The increased paracellular permeability caused by high-PA FSNs was reduced significantly by serine protease inhibitor AEBSF (167% to 108% of PBS control, p<0.05), but not by cysteine protease inhibitor E64 (167.3% to 152% of PBS control) (figure 2A). TER drop was also significantly inhibited by AEBSF (56% inhibition, p<0.05), but not by E64 (figure 2B,C). No differences were observed between PI-IBS and IBS-C samples on effects on barrier function or the inhibition of that effect (n=3 each).

Role of PAR-2 inhibition on faecal supernatant-induced loss of barrier function

FSN induced TER drop of Caco-2 monolayers was inhibited by ENMD1068, a selective PAR-2 antagonist (36.4 [11.1]% vs 67.6 [10.6]%, p<0.05, figure 2B,C). At day 7, following transfection of Caco-2 cells with RNAi, 40% inhibition of PAR-2 protein was observed by western blot (figure 2D). TER drop after addition of high PA FSNs from day 6 to day 7 was significantly lower in siPAR-2 Caco-2 cells compared with negative controls (55.2 [17.8]% vs 32.8 [21.9]% of the initial TER, p<0.05) (figure 2E,F).

Effect of faecal supernatants on tight junction proteins

High PA FSN exposure to Caco-2 monolayers resulted in increased pMLC/MLC expression compared with low-PA FSNs (1.55 [0.28] vs 0.68 [0.30], p<0.01) (figure 3A,B). pMLC protein was upregulated and colocalised with phalloidin on incubation with high-PA compared with low-PA FSN (figure 3C). Isotype controls are shown (see online supplementary figure 5). Although the inhibitory effect of PAR-2 protein was ~40% by day 7, pMLC protein was still downregulated when high PA FSNs were added to siPAR-2 Caco-2 cells compared with negative control cells (see online supplementary figure 6).

Supplemental material

Supplemental material

Figure 3

Effect of faecal supernatants on myosin light chain phosphorylation and occludin (A) pMLC/MLC protein expression following FSN incubation. High-PA FSNs caused significantly increased pMLC (20kDa) in Caco-2 cells compared to low PA FSNs. Red: target band; green: β-actin. (B) Quantitative changes in pMLC/MLC ratio. pMLC expression was significantly higher after high-PA FSNs application (n=5-6/group, p<0.01, Mann-Whitney U test). The protein bands were measured using densitometric quantitation with ImageJ software, normalised to β-actin. (C) pMLC localisation following FSN incubation. Immunofluorescence showing pMLC protein following high-PA and low-PA FSNs. pMLC colocalised with phalloidin staining. (D) Occludin protein expression following FSN incubation. High PA FSNs caused significantly decreased occludin protein (63kDa) in Caco-2 cells compared with low-PA FSNs. Red: target band; green: β-actin. (E) Quantitative changes in occludin protein. Occludin protein was significantly lower after high-PA FSNs application (n=5–6/group, p<0.05, Mann-Whitney U test). The protein bands were measured using densitometric quantitation with ImageJ software, normalised to β-actin. (F) Occludin localisation following FSN incubation. Immunofluorescence showing occludin following high-PA and low-PA FSNs. Occludin was internalised into cytoplasm from tight junction after high PA FSNs application. Scale bar=20µm. FSN, faecal supernatant; PA, proteolytic activity.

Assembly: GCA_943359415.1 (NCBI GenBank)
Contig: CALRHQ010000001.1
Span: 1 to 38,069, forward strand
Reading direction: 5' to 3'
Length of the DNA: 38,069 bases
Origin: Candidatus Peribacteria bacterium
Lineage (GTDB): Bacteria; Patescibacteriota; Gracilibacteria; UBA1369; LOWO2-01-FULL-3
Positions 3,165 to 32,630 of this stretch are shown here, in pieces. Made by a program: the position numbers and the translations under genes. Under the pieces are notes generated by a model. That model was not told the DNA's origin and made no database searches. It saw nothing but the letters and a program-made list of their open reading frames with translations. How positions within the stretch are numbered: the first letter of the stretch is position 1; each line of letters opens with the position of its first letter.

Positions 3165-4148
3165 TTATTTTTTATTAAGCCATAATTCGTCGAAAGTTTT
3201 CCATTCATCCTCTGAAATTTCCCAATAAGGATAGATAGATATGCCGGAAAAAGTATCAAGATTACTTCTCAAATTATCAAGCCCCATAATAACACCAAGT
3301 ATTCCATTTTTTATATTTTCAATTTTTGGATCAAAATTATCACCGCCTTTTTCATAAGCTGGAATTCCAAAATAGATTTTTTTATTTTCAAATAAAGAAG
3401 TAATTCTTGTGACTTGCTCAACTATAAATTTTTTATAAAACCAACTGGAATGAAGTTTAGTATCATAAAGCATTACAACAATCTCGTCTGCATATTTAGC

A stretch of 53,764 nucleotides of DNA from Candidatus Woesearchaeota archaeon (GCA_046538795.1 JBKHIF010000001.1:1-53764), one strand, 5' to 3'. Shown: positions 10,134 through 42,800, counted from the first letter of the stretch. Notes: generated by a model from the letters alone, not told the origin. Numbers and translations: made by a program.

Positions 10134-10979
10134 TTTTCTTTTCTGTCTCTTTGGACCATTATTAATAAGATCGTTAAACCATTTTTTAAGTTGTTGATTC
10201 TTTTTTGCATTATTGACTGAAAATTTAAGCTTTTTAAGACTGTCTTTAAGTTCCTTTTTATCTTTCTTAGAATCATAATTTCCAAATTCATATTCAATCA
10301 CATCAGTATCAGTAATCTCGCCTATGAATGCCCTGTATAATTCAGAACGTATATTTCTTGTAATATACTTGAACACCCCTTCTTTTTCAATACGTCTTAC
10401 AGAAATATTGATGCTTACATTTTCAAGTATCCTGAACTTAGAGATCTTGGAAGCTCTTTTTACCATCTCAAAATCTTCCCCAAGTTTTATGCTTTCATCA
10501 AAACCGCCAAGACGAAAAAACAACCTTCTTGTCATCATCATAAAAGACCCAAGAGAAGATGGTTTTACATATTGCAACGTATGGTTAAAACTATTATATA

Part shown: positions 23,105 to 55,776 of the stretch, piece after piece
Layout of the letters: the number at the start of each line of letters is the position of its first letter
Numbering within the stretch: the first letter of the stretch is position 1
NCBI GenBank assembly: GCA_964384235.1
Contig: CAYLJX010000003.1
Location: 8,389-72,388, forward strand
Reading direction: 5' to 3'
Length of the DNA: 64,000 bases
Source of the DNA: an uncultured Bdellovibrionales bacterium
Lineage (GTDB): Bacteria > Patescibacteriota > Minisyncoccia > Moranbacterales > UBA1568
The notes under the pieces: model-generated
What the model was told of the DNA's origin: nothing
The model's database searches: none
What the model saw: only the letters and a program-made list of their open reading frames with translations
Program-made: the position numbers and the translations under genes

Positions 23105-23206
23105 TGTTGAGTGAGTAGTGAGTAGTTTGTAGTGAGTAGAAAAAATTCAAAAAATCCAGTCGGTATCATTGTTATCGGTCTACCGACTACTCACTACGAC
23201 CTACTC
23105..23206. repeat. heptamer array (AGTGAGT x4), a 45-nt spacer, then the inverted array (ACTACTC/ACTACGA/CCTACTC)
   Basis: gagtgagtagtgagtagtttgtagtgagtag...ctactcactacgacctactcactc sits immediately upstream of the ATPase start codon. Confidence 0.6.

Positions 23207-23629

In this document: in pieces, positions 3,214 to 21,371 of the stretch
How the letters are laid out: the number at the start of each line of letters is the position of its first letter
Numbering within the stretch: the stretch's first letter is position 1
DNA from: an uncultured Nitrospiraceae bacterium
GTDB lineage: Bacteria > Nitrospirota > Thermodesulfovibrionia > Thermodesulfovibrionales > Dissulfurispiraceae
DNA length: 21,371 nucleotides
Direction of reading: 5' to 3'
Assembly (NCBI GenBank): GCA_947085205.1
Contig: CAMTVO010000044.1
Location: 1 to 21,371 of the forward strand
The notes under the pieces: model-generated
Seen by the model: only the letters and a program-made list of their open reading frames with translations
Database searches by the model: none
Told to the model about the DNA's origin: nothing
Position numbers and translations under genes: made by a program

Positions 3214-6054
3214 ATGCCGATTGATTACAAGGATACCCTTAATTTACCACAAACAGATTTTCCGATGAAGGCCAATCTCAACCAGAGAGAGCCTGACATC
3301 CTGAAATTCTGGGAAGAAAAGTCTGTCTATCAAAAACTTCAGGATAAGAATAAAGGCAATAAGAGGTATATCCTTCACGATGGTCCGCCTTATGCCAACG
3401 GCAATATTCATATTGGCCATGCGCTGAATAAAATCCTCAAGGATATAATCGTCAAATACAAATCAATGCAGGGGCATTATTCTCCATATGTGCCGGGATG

High-PA FSNs caused a decrease in occludin protein in Caco-2 cells (0.39 [0.17] vs 1 [0.09], p<0.05, figure 3D,E). Additionally, occludin was internalised into the cytoplasm from the tight junction(s) after high-PA FSN application compared with low-PA FSN (figure 3F). AEBSF abolished internalisation of occludin (see online supplementary figure 7). Expression of Claudin-2, a key regulator of pore pathway, was unchanged on exposure to high-PA versus low-PA FSN (see online supplementary figure 8).